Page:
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Let $f:\Bbb{R}^n\to\Bbb{R}^n$ be a function of class $C^{1}$. We suppose that there exists $k\in ]0,1[$ such that $$\Vert g'(x)\Vert\leq k,\forall\;x\in\Bbb{R}^n$$ where $f(x)=g(x)+x,\forall\;x\in\Bbb{R}^n$

Prove that $(i)$ \begin{align}\langle f'(x)h,h\rangle\geq (1-k)\ \Vert h\Vert^2\end{align} and $(ii)$ \begin{align}\lim\limits_{\Vert x\Vert\to \infty}f(x)=\infty\end{align}

For the first:

I think we can use directional derivatives \begin{align}\langle \lim\limits_{t\to 0} \frac{f(x+th)-f(x)}t,h\rangle=\sum^{n}_{i=1}\frac{\partial f_{i}(x)}{\partial x_i}h^2_i\end{align} To me, directional derivatives may not be the only way to show this but I don't even seem to be finding my way through. Please, could someone help? Thanks for your time and efforts!

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I do not know, if there is any way to use directional derivatives, but the following should work: We have $g = f - \def\id{\mathrm{id}}\id$ and hence for each $x \in \mathbb R^n$ that $$ g'(x) = f'(x) - \id \iff f'(x) = g'(x) + \id $$ Hence $$ \def\<#1>{\left<#1\right>} \< f'(x)h,h> = \<g'(x)h,h> + \|h\|^2 $$ By Cauchy-Schwarz $$ \<g'(x)h,h> \ge -\|g'(x)h\| \|h\| \ge -k\|h\|^2 $$ and hence $$ \<f'(x)h,h> = \<g'(x)h,h> +\|h\|^2 \ge (1-k)\|h\|^2 $$ For (ii), use (i). Note that for $x \in \mathbb R^n$ we have \begin{align*} \<f(x),x> &= \<f(0),x> + \int_0^1 \frac{d}{dt} \<f(tx),x>\, dt\\ &= \<f(0),x> + \int_0^1 \<f'(tx)x,x> \, dt\\ &\ge \<f(0),x> + \int_0^1 (1-k)\|x\|^2\, dt\\ &\ge -\|f(0)\|\|x\| + (1-k)\|x\|^2 \end{align*} By Cauchy-Schwarz \begin{align*} \|f(x)\| &\ge \frac{\<f(x),x>}{\|x\|}\\ &\ge -\|f(0)\| + (1-k)\|x\| \end{align*} and the result follows.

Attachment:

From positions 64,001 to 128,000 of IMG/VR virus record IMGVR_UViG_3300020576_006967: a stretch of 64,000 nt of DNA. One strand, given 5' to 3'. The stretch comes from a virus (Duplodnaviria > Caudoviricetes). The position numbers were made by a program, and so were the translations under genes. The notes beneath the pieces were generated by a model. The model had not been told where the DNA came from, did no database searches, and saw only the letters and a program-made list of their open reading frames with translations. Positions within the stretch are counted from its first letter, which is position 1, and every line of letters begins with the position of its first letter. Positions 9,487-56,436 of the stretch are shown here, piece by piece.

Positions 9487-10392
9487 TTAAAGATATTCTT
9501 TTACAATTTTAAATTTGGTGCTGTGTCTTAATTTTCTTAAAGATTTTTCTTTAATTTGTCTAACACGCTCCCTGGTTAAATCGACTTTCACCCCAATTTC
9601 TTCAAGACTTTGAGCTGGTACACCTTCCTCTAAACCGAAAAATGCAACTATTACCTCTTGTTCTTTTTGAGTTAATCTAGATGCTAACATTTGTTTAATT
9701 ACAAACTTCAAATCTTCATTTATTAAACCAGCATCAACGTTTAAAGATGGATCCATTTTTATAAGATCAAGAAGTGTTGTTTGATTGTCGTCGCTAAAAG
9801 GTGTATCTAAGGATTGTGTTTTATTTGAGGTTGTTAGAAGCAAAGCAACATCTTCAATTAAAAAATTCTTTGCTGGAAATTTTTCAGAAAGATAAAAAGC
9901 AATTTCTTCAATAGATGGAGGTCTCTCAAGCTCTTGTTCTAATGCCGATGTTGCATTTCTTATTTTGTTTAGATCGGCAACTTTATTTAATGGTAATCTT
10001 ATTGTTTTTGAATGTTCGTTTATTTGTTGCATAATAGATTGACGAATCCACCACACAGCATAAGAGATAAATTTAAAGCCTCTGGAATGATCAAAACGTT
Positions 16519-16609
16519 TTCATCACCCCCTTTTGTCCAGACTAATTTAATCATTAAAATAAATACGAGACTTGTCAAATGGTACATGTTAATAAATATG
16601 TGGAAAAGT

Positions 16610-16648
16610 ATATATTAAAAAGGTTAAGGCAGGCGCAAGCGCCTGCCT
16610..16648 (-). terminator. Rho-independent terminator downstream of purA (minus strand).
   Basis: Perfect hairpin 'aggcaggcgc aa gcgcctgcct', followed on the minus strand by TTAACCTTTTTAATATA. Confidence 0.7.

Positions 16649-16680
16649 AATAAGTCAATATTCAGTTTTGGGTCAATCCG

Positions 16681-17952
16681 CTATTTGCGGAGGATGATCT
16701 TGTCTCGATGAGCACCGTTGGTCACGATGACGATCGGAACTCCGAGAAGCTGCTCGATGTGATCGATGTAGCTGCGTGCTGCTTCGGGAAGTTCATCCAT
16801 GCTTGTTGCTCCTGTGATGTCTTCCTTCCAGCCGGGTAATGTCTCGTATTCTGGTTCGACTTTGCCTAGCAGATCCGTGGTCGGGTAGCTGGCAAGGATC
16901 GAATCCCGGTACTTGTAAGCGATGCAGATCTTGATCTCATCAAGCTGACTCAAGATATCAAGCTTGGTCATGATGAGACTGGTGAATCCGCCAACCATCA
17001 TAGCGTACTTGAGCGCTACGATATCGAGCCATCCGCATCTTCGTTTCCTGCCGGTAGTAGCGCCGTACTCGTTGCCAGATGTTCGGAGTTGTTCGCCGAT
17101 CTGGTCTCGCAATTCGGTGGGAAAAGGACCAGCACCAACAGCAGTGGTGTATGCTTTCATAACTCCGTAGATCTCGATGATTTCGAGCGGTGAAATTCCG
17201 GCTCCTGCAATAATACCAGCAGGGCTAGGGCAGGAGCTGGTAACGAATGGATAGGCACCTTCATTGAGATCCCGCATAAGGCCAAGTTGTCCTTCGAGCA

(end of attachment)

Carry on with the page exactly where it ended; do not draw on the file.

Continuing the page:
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  • $\begingroup$ Thanks a lot! I'll go through the proof, ask questions before thicking! $\endgroup$ Aug 23, 2018 at 6:02
  • $\begingroup$ Please, can you explain how you got \begin{align*} \<f(x),x> &= \<f(0),x> + \int_0^1 \frac{d}{dt} \<f(tx),x>\, dt\\ \end{align*} and how did you arrive at this point? \begin{align*} &= \<f(0),x> + \int_0^1 \<f'(tx)x,x> \, dt \end{align*} $\endgroup$ Aug 23, 2018 at 6:51
  • $\begingroup$ The first is just the fundamental theorem of calculus. Consider the function $h(t) = \left<f(tx), x\right>$, then we have $$ h(1) - h(0) = \int_0^1 h'(t) \, dt $$ which is just the first statement. The second statement is derived from the chain rule, note that $$ h'(t) = \left< \frac{d}{dt} f(tx), x\right> = \left< f'(tx) x, x\right> $$ by the chain rule, as $f'(tx)$ is the outer and $x$ the inner derivative (note that $\frac{d}{dt}(tx) = x$). $\endgroup$
    – martini
    Aug 23, 2018 at 10:05
  • $\begingroup$ Thanks for the explanation! Everything is clear! $\endgroup$ Aug 23, 2018 at 11:13

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